NEW YORK (Reuters Breakingviews) - Initial public offerings by Lyft and Uber Technologies will drain Tesla’s scarcity value in the next 12 months. Elon Musk’s electric-vehicle maker, whose market value hit $64.8 billion in August 2018, has, to date, been virtually the only way to invest directly in the car industry of the future. But the two ride-hailing firms will give U.S. public shareholders who factor in environmental, social and governance concerns new options.
What started as very different business models — app-enabled taxi services and vehicle production — are now converging, also joined by traditional players like General Motors and upstarts like Alphabet’s Waymo. The common vision of the future is autonomous, electric-powered vehicles that are shared, not owned.
Tesla only produces electric cars, making it an obvious choice for environmentally conscious investors. Lyft and Uber, by contrast, currently rely on people driving predominately gasoline-powered vehicles.
But the two have a lock on other car-of-the-future components. Lyft, for example, had 1.4 million drivers at the end of 2017. Assume they drive just half of the historical average for traditional U.S. taxi drivers of 70,000 miles a year. That means the company co-founded and run by Logan Green was responsible for almost 50 billion miles driven in 2017 in America, five times more than Tesla owners have clocked globally in total. Uber accounts for even more. That’s critical data for the autonomous-vehicle race.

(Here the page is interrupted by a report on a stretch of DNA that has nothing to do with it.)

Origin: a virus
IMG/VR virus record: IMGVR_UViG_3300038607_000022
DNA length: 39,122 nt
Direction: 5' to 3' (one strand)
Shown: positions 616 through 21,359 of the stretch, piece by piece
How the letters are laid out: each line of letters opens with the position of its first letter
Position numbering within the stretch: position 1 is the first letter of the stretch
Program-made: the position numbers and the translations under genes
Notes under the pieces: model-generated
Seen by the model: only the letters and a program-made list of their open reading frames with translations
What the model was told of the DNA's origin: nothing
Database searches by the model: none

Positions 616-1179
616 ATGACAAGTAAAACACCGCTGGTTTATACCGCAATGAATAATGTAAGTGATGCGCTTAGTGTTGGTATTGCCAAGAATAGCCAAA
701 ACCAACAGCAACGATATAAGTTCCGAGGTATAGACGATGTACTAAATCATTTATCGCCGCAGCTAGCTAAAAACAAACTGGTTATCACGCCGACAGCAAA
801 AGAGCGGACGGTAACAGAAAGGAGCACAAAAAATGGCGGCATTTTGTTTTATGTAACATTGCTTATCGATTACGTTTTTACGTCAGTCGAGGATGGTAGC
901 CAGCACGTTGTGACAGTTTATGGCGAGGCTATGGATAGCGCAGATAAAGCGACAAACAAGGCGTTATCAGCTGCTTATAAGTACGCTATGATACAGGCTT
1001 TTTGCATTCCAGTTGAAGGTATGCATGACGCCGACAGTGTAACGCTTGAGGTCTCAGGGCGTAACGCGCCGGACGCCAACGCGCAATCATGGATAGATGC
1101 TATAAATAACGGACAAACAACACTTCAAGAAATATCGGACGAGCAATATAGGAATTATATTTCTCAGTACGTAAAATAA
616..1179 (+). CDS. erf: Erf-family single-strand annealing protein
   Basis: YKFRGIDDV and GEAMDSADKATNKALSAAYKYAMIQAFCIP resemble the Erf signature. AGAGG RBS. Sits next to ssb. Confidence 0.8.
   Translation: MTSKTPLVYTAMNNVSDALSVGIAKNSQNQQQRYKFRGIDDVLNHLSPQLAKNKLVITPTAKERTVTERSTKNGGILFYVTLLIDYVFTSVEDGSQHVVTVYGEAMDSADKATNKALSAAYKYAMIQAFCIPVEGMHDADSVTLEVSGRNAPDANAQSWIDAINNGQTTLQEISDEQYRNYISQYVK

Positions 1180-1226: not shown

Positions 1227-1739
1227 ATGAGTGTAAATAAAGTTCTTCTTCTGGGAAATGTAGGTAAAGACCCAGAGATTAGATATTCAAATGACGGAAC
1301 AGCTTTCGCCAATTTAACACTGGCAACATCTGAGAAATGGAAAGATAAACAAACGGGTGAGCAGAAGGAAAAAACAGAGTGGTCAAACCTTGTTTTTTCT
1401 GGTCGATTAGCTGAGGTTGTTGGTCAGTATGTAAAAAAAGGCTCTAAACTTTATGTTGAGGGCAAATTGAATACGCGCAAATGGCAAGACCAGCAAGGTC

And ESG investment, as it’s known, is not just about the environment. The “G” is for governance, and here Tesla is a laggard. The majority of its directors are friends and family of Musk. A series of missteps culminated in the chief executive’s cack-handed tweets in August about a possible buyout, resulting in the Securities and Exchange Commission imposing fines and forcing Tesla to replace Musk as chairman.
Uber had a poor record under founder and former boss Travis Kalanick, too, although current CEO Dara Khosrowshahi has tried to turn a new page. At Lyft, by contrast, Green has been more of a cooperator than a bull-in-a-china-shop disruptor, working with authorities rather than challenging them and earning social bragging rights, too.
Lyft has also long invested in measures to offset its drivers’ fossil-fuel dependence. As of April all of its rides, Green says, are carbon neutral. For ESG-mindful investors eyeing the car market, a publicly traded Lyft could be the most desirable ride.
- This is a Breakingviews prediction for 2019. To see more of our predictions, click reut.rs/2R6H5pG
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